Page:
Listen to Your Body With a Low FODMAPs Diet
According to the Clinical Rheumatology journal, 42 percent of fibromyalgia sufferers know their symptoms intensify after eating certain foods. However, the foods that set people off vary from person to person, so it’s important to listen to your own body. Take note of the way foods make you feel, and reduce or eliminate their role in your diet.
Following a low FODMAPs diet is a helpful way to do this. A known treatment for irritable bowel syndrome and other tummy complaints, this two-phase diet encourages people to eliminate all known triggers such as wheat and lactose for a period of six to eight weeks. Eliminating so many foods from your diet can be daunting, but there are some great low FODMAP food blogs online to help you.
After this stabilization period, people introduce small portions of high FODMAPs foods back into their diet gradually and monitor their effects.
Make It Easy to Choose a Well-Balanced, Nutritious Diet
A well-balanced diet full of healthy foods like lean meats, vegetables, and whole grains is important for all of us, but it can be especially important for fighting the fatigue and depression that often accompany fibromyalgia.
When symptoms flare, it’s often much easier to pick up the phone and order in rather than facing the kitchen. However, these are the times you need the best foods the most. If you can’t convince a loved one to cook for you, make things easy on yourself by buying easy-to-prepare alternatives. Prewashed and cut vegetables, premade salads, and premarinated meats are all excellent options for those times when your motivation wanes.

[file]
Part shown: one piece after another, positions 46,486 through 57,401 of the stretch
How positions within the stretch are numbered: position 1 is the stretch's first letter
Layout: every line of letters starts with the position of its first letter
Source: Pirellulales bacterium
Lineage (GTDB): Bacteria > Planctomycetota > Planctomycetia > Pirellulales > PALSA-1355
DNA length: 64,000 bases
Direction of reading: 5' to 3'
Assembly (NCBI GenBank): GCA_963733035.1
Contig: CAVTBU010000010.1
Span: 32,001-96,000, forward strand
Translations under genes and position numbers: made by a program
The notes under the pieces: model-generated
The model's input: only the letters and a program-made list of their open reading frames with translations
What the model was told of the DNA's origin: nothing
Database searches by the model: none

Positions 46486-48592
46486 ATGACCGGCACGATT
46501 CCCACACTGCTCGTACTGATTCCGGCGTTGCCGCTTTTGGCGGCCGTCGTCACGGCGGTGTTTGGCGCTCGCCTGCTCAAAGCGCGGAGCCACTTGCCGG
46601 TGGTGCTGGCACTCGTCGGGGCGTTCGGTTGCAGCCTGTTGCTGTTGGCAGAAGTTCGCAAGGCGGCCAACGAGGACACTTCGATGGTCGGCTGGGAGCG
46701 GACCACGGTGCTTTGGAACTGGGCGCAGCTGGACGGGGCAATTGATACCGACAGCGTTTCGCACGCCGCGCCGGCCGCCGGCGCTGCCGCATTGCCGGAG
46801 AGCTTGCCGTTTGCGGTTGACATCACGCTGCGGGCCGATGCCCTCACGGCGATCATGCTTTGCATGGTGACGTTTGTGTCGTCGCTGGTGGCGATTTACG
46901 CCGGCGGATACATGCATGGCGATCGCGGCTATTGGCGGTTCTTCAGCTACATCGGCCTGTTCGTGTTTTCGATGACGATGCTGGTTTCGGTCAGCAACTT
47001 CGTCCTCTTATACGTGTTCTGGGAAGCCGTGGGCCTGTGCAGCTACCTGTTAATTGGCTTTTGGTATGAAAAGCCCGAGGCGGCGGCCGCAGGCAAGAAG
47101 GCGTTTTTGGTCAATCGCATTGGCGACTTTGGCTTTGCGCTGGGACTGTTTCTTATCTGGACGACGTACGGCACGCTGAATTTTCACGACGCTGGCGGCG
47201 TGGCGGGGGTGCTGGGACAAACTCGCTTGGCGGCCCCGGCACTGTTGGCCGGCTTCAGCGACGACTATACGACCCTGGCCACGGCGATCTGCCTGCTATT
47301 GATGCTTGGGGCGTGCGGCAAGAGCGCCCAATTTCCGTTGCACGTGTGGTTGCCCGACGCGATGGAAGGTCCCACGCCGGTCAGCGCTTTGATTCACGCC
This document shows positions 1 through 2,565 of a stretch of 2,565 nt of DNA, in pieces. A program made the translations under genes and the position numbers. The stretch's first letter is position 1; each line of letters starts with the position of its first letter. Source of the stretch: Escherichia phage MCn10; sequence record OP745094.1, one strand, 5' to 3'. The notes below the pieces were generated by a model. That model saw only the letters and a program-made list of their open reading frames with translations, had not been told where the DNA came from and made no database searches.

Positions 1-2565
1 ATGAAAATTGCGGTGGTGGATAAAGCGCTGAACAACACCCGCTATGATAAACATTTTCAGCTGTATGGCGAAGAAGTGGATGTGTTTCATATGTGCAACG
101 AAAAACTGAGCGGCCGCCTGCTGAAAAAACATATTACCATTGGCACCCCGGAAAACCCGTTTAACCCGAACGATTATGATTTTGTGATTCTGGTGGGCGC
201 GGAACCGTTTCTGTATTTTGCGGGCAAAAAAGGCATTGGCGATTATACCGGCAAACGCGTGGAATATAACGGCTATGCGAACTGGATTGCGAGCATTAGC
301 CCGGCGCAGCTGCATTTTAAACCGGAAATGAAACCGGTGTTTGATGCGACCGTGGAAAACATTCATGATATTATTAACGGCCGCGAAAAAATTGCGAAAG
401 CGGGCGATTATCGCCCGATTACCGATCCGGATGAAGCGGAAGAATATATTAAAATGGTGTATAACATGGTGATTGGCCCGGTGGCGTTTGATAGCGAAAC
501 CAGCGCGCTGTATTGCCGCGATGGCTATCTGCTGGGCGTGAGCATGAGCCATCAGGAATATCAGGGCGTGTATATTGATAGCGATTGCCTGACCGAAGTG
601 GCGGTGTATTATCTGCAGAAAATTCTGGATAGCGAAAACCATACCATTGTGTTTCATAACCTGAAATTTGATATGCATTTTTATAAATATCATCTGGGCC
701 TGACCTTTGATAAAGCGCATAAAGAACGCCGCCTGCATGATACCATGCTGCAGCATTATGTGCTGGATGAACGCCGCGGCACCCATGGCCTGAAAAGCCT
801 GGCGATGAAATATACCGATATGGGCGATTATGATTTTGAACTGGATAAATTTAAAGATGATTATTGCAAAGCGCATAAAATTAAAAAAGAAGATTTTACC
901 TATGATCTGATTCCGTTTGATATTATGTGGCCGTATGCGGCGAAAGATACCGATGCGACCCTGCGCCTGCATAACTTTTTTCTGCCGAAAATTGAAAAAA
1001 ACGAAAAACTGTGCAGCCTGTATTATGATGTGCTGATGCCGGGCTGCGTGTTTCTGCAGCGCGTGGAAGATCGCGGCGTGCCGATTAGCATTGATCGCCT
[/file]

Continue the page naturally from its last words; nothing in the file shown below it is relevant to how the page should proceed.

Eat for Energy
Fatigue is one of the most common fibromyalgia symptoms, and one that can be combatted with the right foods and eating habits. Dr. Ann Vincent, medical director of the Mayo Clinic’s Fibromyalgia Clinic, says eating small meals frequently throughout the day can ensure your energy levels don’t dip.
Protein-rich foods are also excellent for energy, so reach for snacks like a hard-boiled egg, a few slices of lean turkey or chicken breast, or a small tin of tuna when fatigue strikes. These are better alternatives than sugary treats, which will only spike your energy before sending you crashing back to Earth.
Consider Becoming Vegetarian or Vegan
Giving up meat isn’t for everybody, but a study in BMC Complementary and Alternative Medicine found people who followed a vegetarian diet of mostly raw food had less fibromyalgia pain than their meat-eating peers. If you’d never give up your steak, consider upping your vegetable intake and adding some meat-free meals to your diet.
Making simple dietary changes like these can be an excellent and affordable way to ease your fibromyalgia symptoms.